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I'm trying to use an iterative loop to read the first 512 byes for comparison in pset4 recover.c. This makes sense to me. Unfortunately the computer doesn't feel same

typedef int32_t  LONG;
typedef uint8_t  BYTE;

int main(void)
{
    FILE* file = fopen("card.raw", "r");
    if (file == NULL)
    {
        printf("file couldn't be recovered");
        return 2;
    }

    LONG id;
    int n = 512;
    LONG first[n];
    while (!feof(file))
    {
        for (int i = 0; i < n; i++)
        {
            fread(&id, 1, 1, file);
            first[i] = id;
            fseek(file, 1, SEEK_CUR);
        }
        if (first[0] == 0xff && first[1] == 0xd8 && first[2] == 0xff && (first[3] == 0xe0||first[3] == 0xe1) )
        {
            printf("hello\n");
            return 0;
        }
        else 
        {
            printf("not working\n");
        }
    }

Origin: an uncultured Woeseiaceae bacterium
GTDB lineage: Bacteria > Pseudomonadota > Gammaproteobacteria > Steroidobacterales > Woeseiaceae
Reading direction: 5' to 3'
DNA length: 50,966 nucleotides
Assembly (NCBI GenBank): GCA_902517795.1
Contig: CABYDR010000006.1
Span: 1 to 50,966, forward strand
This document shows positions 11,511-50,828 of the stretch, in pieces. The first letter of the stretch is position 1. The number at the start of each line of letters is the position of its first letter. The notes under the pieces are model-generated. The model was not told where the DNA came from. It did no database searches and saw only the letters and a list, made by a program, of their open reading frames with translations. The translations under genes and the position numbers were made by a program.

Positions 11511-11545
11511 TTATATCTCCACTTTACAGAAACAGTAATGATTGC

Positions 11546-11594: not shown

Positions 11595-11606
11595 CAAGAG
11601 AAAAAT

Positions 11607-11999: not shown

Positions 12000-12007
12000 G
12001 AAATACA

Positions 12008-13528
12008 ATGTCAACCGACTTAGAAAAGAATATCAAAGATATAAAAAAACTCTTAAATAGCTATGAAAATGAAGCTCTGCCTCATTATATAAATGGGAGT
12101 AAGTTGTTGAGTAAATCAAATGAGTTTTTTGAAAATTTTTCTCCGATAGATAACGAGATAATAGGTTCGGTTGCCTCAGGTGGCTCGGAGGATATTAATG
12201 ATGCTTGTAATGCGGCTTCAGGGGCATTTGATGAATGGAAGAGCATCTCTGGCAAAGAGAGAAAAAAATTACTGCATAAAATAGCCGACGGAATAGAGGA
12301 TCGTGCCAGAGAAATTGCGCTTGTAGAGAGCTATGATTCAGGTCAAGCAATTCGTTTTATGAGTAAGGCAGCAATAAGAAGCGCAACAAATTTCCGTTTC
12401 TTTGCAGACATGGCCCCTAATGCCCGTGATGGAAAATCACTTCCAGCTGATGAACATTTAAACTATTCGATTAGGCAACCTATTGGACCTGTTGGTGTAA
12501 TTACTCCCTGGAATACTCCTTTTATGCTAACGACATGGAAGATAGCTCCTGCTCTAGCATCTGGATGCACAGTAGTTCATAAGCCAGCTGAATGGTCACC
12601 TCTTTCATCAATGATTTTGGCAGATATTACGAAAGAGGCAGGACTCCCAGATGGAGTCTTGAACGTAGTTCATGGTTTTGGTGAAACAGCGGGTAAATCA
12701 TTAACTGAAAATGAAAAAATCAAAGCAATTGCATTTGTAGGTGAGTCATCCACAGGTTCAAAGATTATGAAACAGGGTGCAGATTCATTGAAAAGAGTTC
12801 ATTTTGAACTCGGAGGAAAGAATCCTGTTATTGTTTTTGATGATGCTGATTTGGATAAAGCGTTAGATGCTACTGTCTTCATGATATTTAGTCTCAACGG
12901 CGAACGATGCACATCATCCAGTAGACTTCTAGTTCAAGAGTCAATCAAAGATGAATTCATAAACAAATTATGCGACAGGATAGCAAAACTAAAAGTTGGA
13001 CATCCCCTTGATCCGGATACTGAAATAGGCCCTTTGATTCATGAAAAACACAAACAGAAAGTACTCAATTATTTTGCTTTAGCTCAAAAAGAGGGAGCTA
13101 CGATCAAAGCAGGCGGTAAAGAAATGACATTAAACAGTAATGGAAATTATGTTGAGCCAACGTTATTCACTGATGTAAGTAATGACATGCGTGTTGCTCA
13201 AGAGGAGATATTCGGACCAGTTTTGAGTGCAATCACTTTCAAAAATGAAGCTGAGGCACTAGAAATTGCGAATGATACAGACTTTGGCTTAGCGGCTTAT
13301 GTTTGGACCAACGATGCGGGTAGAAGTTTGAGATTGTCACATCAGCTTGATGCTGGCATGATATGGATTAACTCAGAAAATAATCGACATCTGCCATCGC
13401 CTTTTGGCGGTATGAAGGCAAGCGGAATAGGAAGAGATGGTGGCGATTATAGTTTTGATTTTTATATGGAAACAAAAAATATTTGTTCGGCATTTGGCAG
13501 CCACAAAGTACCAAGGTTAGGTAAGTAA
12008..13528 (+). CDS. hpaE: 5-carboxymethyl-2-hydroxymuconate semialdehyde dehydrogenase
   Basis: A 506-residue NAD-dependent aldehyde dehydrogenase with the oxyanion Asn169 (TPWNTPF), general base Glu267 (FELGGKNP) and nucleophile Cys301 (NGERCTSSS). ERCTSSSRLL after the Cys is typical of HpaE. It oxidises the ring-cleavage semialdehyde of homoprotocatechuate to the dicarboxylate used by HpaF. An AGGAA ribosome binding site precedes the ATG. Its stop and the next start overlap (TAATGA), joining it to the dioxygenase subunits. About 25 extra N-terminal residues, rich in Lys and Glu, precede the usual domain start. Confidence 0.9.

}
0

There are a number of issues with the code. First, there is already a 32 bit signed integer type called long, so there's no need to typedef a new one.

The first[] array is declared as 512 elements of type LONG. That's 512 * 8 = 4096 bytes. An unsigned 1-byte type is a better choice, like uint8_t.

In the first for loop, the code reads 1 byte into a 4 byte signed variable on each pass. But then, it has an fseek that will move the file pointer forward and skip over data. Note that an fread call will move the file pointer past whatever is read and leave it at the first unread byte past the read.

Finally, consider this. The resources required to read 1 byte from the file are the same as it takes to read 512 bytes. This is because about 95% of the resources for a disk read are overhead, not the actual read. By comparison, it takes a lot of time to spin the disk and position the read/write head over the right track vs. actually reading a disk data block, which will be on the order of 4k. (Any read or write will process a full data block, defined by the disk configuration, usually 4k, even if you are reading 1 byte.) So, it's far more efficient to read in the entire 512 bytes and then manipulate the data in memory. Disk operations take about 1000 times longer than memory operations.

This should give you something to think about as you redesign your code. ;-)

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